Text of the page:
Figure 1: Intraoral clinical view of ten-year old girl at first sight.
A. Frontal view of both jaws in centric occlusion (clearly visible diastema and infrapositioned primary molars).
B. Occlusal view of teeth in the upper dental arch.
C. Orthopantomogram (agenesis of 14,13,12,22,23,24,25,45).

Figure 2: Orthodontic and surgical planning (for detail see text)

Figure 3: Clinical and radiographic situation after autotransplantation of 35 → 24, 73 → 22 and 83 → 12.
A. Clinical view one week after removal of stitches with titanium trauma splint still in situ which was left for another six weeks.
B. Post-OP orthopantomogram with transplant positions indicated by yellow marked arrows. White arrow indicates the initial vertical bony deficit in the area of the premolar transplant.

Figure 4: Clinical view six weeks after removal of titanium trauma splint. The three transplants in positons 12, 22 and 24 are found stable in situ without any gingival irritation.

Figure 5: Clinical and X-ray findings 1.5 years after autotransplantation.
A. The bite has meanwhile been raised by the orthodontist, the diastema has slightly relapsed.
B. The transplanted primary teeth and the transplanted premolar are marked by the yellow arrows. In both primary tooth transplants apical resorption of root length is visible without inflammatory signs. Compared to the early post-OP X-ray examination (Figure 2), there is a significant increase in vertical bone height in region 24 (white arrow), now achieving the height of the non-transplanted healthy side.

Figure 6: Clinical and X-ray findings 7 years post-OP.
A. Orthodontic alignment has continued in the meanwhile 17 years old girl. Transplanted and non-transplanted primary teeth in positons 13, 12 and 22, 23 were excluded from orthodontic therapy.
B. Progressive apical resorption of transplanted primary teeth is visible.

Figure 7: Clinical and X-ray findings 11 years post-OP in the meanwhile 21 year old patient.
A. Facial view
B. Occlusal view, both revealing a pleasing clinical situation after orthodontic bite raising.
C. Primary transplants have been removed and been replaced by endosseous implants without the necessity of elaborate bone augmentation procedures.

In light of this case report, the term “time window” is gaining an entirely new meaning for interdisciplinary cooperation between orthodontists, dentists, and maxillofacial surgeons. Primary tooth transplantation, which is only possible if primary teeth have not yet fully exfoliated, requires the patient to have primary teeth in situ as given in early mixed dentition. Thereafter, it is necessary to wait patiently for premolar transplantation due to the later eruption of the second dentition. We have addressed this issue of right timing with primary tooth transplantation in early mixed dentition (age 6-10) and premolar transplantation in late mixed dentition (age 10-14) under the term of the “two-phase transplantation concept” [16]. This concept was originally developed for traumatic tooth loss in children and adolescents. It allows children with traumatic loss of teeth in childhood (aged 6-10) to receive fixed prosthetic rehabilitation by means of a primary tooth transplant (phase I). The only alternative treatment options available at this age so far are prosthetic structures like removable dentures or adhesive bridges, representing often a significant psychosocial burden for the patients and their parents [17,18]. Patient satisfaction with both types of autotransplantation was excellent as assessed by questionnaires [3,15,19].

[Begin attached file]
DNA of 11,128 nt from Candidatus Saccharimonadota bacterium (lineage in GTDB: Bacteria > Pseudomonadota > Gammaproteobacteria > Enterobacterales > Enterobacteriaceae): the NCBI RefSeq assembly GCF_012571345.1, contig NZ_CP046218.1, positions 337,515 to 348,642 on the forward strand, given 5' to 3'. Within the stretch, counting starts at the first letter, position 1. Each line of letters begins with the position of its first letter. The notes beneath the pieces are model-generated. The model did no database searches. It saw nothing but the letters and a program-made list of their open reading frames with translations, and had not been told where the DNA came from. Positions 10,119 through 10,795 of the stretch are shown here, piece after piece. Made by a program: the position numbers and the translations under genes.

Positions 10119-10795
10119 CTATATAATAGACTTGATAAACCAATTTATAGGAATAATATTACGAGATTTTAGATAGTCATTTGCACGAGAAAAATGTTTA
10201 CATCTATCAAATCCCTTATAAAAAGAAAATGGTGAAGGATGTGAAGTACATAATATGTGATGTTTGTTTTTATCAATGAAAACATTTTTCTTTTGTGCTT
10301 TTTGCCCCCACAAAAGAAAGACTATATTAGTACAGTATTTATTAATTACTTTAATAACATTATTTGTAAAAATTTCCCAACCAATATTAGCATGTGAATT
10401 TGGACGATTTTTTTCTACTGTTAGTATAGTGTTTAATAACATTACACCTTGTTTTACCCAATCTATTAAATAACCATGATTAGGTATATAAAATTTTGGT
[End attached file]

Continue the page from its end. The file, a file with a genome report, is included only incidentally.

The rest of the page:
In the case of traumatic tooth loss after the age of 10, premolar transplantation is a long-established option for tooth replacement in young patients aged 10 to 16 in the late mixed dentition (phase II) [8- 14]. Whether or not the consecutive transplantation of primary teeth in phase I followed by premolar transplants in phase II should take place [16], crucially depends on the decision-making by and experience of the treating team of orthodontist, dentist and maxillofacial surgeon in close consultation with the patient’s parents. Ultimately, the decision as to whether to carry out premolar transplantation at the age of 12 to 14 or to permanently insert an implant later in life at the age of 18 at the earliest in the aesthetically challenging area of the upper front remains a challenging multidisciplinary task.


Children with agenesis of multiple teeth can be reliably treated with the techniques of autogenous tooth transplantation of both primary and secondary teeth and endosseous implantation. It is important that doctors know about the optimal timing for each type of autogenous tooth transplantation. Therefore, early interdisciplinary planning between orthodontist, dentist and maxillofacial surgeon is mandatory, as autogenous primary tooth transplantation can only take place prior to complete exfoliation of the deciduous teeth. Autogenous tooth transplantation reliably supports bone and soft tissue growth and therefore spares the children from wearing removable dentures, which is associated with a high acceptance by children and parents alike.


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Article Information

Article Type: CASE REPORT

Citation: Nolte D, Braikeh S, Kurfurst B, Krause A, Linsenmann R (2018) Case Report: Multiple Tooth Agenesis-A Re-Update after 11 Years. Int J Dent Oral Health 4(4):

Copyright: © 2018 Nolte D, et al. This is an open-access article distributed under the terms of the Creative Commons Attribution License, which permits unrestricted use, distribution, and reproduction in any medium, provided the original author and source are credited.

Publication history: 

  • Received date: 22 Jun, 2018

  • Accepted date: 18 Jul, 2018

  • Published date: 25 Jul, 2018